VPC is well worth the price considering the hours it takes to restore a system..

In theory is you are writing a review you could take a clean install of Win2K or WinXP and load it up with all your applications to test.  Do your tests and then delete the file when done (all gone)..

Attached is a screenshot of my system running 3 OS's


* MyDesktop.jpg (73.53 KB, 924x739 - viewed 331 times.)
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mouser
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« Reply #5 on: September 17, 2005, 01:01:09 PM »

it would be nice to update our review of virtual machine software to include info about latest virtualpc edition, but in case people are more interested in what veign is talking about, read our review of virtual machines from April 9th of this year, where vmware won our award for best virtual machine tool:

http://www.donationcoder....VirtualMachine/index.html

bottom line imho though is that it doesn't really matter whether you choose vmware or virtualpc, they both do the job well, and are fantastic tools to have.
« Last Edit: September 17, 2005, 01:02:43 PM by mouser » Logged
Veign
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« Reply #6 on: September 17, 2005, 01:08:07 PM »

That's funny - Didn't know you guys did a review of Virtual Machines. 

Taking a look now....
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Mark0
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« Reply #7 on: September 17, 2005, 02:47:59 PM »

Speaking of virtualization, another viable option is the free QEMU, by Fabrice Bellard (remember the good old LZEXE for 16bit DOS EXE compression? Yes, it's that Fabrice!)

It started as a (very fast, trough dynamic translation) emulator, but now it's also available a so-called "Accelerator", that can skip on the CPU emulation if both host & target CPU are x86.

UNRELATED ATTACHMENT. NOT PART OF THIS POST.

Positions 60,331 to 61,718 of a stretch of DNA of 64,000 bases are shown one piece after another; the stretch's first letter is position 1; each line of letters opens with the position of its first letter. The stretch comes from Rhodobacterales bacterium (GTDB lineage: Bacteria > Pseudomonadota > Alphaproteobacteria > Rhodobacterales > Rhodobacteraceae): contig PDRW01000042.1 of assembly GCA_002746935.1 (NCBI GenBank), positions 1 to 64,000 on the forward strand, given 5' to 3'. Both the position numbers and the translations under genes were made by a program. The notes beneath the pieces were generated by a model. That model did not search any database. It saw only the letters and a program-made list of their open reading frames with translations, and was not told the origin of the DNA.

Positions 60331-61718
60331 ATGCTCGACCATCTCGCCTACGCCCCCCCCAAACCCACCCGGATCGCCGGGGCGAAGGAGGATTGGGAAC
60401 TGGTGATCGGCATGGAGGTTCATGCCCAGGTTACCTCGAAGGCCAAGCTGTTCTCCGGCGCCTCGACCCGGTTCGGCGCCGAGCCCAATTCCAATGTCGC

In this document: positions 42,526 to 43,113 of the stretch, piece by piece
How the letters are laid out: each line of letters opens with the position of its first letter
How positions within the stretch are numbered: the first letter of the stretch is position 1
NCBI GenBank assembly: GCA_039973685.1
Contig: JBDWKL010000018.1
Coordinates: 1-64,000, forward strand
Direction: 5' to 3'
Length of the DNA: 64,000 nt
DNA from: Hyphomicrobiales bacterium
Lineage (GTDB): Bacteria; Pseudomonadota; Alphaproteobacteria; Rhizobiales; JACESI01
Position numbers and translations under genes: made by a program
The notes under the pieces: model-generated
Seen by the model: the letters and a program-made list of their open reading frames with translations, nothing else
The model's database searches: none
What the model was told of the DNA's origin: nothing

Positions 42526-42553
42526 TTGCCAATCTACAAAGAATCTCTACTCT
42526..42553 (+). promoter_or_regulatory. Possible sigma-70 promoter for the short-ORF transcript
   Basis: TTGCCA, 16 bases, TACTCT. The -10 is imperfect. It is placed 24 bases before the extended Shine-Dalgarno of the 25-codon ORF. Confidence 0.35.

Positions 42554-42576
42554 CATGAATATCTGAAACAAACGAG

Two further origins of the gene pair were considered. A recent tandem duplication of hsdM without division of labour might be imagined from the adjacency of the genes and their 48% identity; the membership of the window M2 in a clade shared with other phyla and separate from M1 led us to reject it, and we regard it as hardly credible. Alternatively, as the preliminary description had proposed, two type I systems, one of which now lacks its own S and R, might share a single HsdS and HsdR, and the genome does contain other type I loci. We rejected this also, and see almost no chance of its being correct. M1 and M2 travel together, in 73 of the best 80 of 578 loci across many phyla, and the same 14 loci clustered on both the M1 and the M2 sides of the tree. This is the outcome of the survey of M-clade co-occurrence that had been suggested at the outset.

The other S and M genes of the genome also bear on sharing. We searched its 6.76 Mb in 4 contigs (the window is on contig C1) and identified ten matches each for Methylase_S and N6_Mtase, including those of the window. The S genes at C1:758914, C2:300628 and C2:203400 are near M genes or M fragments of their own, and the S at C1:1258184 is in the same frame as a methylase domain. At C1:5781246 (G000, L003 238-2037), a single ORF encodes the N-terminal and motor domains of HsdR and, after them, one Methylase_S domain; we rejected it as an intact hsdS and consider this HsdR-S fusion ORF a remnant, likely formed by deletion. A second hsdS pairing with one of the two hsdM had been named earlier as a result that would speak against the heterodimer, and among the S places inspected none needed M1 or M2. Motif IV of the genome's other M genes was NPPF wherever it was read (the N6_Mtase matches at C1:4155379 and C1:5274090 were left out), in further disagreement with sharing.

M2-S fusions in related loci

On Linux it can be used both as a full system emulator, than as a user mode emulator, so it that it can run code for one kind CPU on another CPU (PowerPC, for example).

An impressive software.

Bye!

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Carol Haynes
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« Reply #8 on: September 19, 2005, 05:18:38 AM »

I think I pretty much covered what I usually do. I too have used virtual PCs (trail versions of VMWare and the MS product) but don't really feel I can justify the costs.

Another possibility is to have a parallel installation (i.e. a separate partition with another version of Windows installed). I have four such partitions each with Windows XP. These partitions are specific to kinds of taks:

1) General Office + messing about type stuff (used mostly)
2) Audio + Video
3) Graphics
4) Development

4 is more wishful thinking at the mo but 2/3 allow me to run software without extra baggage (even Virus/Firewall as I don't have internet connections active).

I used to use 4 as a 'testbed' partition where I could play with new software. I always kept an image file, and after testing restored it so I always had a clean installation.

Nowadays I usually try things out on my general installation and follow the procedure I described above (more or less depending on the title, author, recommendation). So far I have avoided any serious nasties, or caught them before they got into my system.

I also have TotalUninstall, though I do find there is a lot of editing to do before it can be used totally effectively - it catches too many other actions in the registry that are unrelated to the installer to be useful straight out of the box. In the past I have also tried Ashampoo Unistaller - which is OK but I found it a bit irritating.
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Mark0
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« Reply #9 on: September 19, 2005, 06:30:12 AM »

Another intresting option is to use a sandbox tool, for example the free Sandboxie.

Once an app is run trough Sandboxie, all disk & registry access go trough a transient temporary area.
That is, if you run Notepad trough Sandboxie, open a file, modify and save it, that file will results modified for that Notepad instance, but the "real" file (outside the sandbox) will remain intact.

You could also run a virus trough it, without worrying about it infecting/modifying the registry or any files, so it come handy if you need to run some EXE that you don't trust too much.

Bye!
« Last Edit: September 19, 2005, 06:47:16 AM by Mark0 » Logged

mouser
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« Reply #10 on: September 19, 2005, 08:06:49 AM »

thanks mark0, i've never heard of sandboxie, it looks very interesting.
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mouser
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« Reply #11 on: September 19, 2005, 08:08:07 AM »